I refuse to accept that childbirth and child rearing is an inherent and integral part of womanhood.
When you read this, I’m probably either getting ready to go to or am already at the hospital to get surgery.
Yes, I’m getting my tubes tied today!
I have been waiting for two years for this to happen. I asked my doctor two years ago to send me to an OBGYN who wouldn’t argue with me about my age or childfree status. I saw said OBGYN earlier this year, and the surgery is happening today.
Thankfully, I have such wonderful people as friends and family that I haven’t really had to justify my choice. My mom was a little sad at first, but she’s come to terms with my decision—she has always supported me in any kind of choice I’ve made for myself, and this is why she is a truer feminist than a lot of people who call themselves that.
For those who like medical details, my OBGYN is going to use the cauterization technique. Cut my tubes, burn up the ends. That’s it.
After this, my ova won’t make it out of my ovaries and into my uterus. After this, I never need to be scared about being pregnant ever again.
It’s For My Health
It’s not my first reason for getting this surgery, but medically it’s the most relevant one. I suffer from major depressive disorder, which means that my depression isn’t just something that happens when something bad happens to me—it happens all the time. My body is predisposed to depression. So I’m on duloxetine and Seroquel and they keep me pretty even.
You know what happens when you get pregnant? That’s right, you need to get off your meds or risk all kinds of adverse side-effects that haven’t been studied, above and beyond the whole hormones out-of-whack thing.
You know what happens to women who are already predisposed to depression after delivering? That’s right, they are at much greater risk for postpartum depression.
I’m not having a kid just to risk slitting my wrists after I’ve suffered to bring it in the world. Knowing the risk ahead of time, how fair is it to the child to risk losing their mother before they can even talk?
It’s For Manageable Birth Control
I refuse to stay on the pill until menopause. It gets more and more dangerous as you get older, with women over 40 rarely being on it because of the blood clot risks. Any hormone-based technique (patch, injection, ring) will have the same effects.
I’m a bad candidate for both IUS (I had a Mirena once and had it removed after three months) and IUD (just a copper one). My periods are very painful and very heavy, and a copper IUD would make it worse.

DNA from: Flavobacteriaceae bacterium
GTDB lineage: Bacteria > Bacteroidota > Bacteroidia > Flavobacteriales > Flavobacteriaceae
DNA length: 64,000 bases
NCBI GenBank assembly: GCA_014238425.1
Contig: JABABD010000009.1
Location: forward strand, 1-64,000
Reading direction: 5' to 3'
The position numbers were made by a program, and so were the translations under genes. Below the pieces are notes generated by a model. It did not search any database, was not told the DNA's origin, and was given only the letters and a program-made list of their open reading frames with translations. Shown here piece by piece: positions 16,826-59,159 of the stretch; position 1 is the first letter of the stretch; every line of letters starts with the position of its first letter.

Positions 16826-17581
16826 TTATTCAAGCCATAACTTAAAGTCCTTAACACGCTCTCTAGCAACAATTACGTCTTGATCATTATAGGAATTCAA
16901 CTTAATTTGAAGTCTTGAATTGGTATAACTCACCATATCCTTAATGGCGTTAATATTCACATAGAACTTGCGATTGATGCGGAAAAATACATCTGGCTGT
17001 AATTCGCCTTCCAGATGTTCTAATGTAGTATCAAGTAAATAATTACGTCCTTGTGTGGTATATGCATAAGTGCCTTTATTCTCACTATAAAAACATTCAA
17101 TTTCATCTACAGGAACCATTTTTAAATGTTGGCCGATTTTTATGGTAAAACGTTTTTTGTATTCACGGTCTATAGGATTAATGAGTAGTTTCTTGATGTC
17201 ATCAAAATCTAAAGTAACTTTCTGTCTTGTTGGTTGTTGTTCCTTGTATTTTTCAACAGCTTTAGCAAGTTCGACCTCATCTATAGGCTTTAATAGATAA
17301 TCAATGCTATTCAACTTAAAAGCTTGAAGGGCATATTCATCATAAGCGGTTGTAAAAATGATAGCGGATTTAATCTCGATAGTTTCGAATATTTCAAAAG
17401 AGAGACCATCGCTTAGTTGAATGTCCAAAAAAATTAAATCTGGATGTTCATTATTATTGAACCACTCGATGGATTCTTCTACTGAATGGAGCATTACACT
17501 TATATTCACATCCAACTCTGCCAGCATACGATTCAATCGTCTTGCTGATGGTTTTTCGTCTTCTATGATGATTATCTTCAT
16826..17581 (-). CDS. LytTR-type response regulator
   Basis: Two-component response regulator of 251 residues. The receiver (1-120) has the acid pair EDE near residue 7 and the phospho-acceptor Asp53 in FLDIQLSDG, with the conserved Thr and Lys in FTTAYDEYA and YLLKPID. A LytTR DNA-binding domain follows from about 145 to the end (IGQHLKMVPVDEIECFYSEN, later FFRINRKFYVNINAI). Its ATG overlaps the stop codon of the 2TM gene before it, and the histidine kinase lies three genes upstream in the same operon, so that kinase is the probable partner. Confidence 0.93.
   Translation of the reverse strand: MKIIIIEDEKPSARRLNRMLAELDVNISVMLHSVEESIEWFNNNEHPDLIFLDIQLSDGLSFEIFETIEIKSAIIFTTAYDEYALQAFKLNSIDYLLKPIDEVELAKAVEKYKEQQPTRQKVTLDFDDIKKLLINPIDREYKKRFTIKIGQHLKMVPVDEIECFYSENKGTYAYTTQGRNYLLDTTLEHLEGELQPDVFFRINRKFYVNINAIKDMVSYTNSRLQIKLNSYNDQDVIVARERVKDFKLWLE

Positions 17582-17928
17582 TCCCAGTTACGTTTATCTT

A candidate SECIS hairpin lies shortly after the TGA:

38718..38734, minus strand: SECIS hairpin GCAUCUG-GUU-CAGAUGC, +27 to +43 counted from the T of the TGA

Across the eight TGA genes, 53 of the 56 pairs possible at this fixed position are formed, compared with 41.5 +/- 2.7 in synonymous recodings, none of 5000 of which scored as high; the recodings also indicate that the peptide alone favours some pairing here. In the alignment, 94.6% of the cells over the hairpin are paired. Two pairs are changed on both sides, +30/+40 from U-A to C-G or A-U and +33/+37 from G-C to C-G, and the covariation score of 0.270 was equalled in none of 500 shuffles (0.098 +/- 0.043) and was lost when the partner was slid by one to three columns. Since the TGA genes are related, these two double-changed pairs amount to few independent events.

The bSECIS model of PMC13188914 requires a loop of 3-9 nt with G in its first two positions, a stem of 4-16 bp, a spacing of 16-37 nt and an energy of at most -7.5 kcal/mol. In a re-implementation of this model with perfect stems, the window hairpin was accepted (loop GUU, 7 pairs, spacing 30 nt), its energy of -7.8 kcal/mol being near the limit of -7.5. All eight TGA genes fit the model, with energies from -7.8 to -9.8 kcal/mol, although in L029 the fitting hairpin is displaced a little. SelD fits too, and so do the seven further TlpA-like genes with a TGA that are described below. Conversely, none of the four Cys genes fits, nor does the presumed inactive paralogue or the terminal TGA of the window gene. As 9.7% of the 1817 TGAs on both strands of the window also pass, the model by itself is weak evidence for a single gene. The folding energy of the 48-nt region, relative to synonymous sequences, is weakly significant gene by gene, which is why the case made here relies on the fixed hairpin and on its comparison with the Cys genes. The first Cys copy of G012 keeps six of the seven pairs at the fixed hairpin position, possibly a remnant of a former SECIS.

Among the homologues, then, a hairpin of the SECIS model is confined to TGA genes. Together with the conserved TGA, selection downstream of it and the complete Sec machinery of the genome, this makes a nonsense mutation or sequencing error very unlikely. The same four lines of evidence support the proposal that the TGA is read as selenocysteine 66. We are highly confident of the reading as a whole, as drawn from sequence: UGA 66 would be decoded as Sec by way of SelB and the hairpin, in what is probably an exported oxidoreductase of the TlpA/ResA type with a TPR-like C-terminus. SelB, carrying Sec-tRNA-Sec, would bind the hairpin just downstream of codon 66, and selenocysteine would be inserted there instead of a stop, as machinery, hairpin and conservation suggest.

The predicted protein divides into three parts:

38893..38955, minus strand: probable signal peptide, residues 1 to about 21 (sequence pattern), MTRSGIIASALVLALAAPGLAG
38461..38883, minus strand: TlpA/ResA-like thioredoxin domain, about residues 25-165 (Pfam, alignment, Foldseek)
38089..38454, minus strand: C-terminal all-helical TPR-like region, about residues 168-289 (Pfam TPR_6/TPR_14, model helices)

I could always use a diaphragm, but then that’s just like a condom, and not a more permanent form of birth control, which is what I want.
It’s For Control Over My Body
Ultimately, I’m doing it because I want control over my own body. I want to feel empowered to make the choices that are right for me without ever having to worry about whether a child will change things. My body is mine, and I choose to not ever let a fetus grow in there.
Yes, a child would definitely change things. That’s fine if that’s what you want, but that’s not what I want. I’m making my life mine, in a very deep and real sense.
I have the right to do whatever I want with my body, and getting sterilized is a kind of triumphal announcement of my ability to do so. I will not let society dictate what I should and shouldn’t do, what I should and shouldn’t believe as a woman. I refuse to accept that childbirth and child rearing is an inherent and integral part of womanhood.
Because it isn’t. Because womanhood is what you decide, as a woman, to do. It is nothing more and nothing less.
It’s For Political Reasons Too
Aside from the obvious feminist reasons you can glean from above, there are other social and political reasons for me to not have children.
First, aren’t there enough people on this planet already? The human race doesn’t need me to reproduce in order to remain here. In fact we could use fewer of us, but that’s another issue entirely.
Second, there are enough children in this world who are in need of a loving family. If I ever decide to have a child, I will adopt one. I don’t want to deny a child a chance at love just because, somehow, having biological offspring is more “acceptable.” My mother was adopted. Who knows what would have happened if she hadn’t been?
In the same vein, I’d rather commit resources to a human who already exists, rather than pop out a new one just for some weird attachment to my own DNA. Adopting a child just makes it easier on the planet, environmentally and socially.
So, Apologies To All My Ova
So, hey, every ovum I’m going to produce until I hit menopause: Sorry. It’s not you, it’s me. You’re just doing your job of mixing your DNA with that of a lucky spermatozoid. But there’s an impassable chasm between you now, and you’ll never be able to meet.
But it’s all for the best, really—spermatozoids just want to get into your cellular membrane and do something with your nucleus (I’m not a biologist, sorry!). After that’s done, they don’t call, they don’t text…and all their bros suddenly drop off the face of the earth.
Maybe you’re better off hanging out with other ova and having ovum parties. Trust me, spermatozoids ruin everything.
Anabelle Bernard Fournier is a freelance writer hailing from Victoria, Canada. She loves to read, cook, and fantasize about getting a pet to keep her company during the day, and who will let her take hundreds of cute kitty pictures.
This originally appeared on The Story of A. Republished here with permission.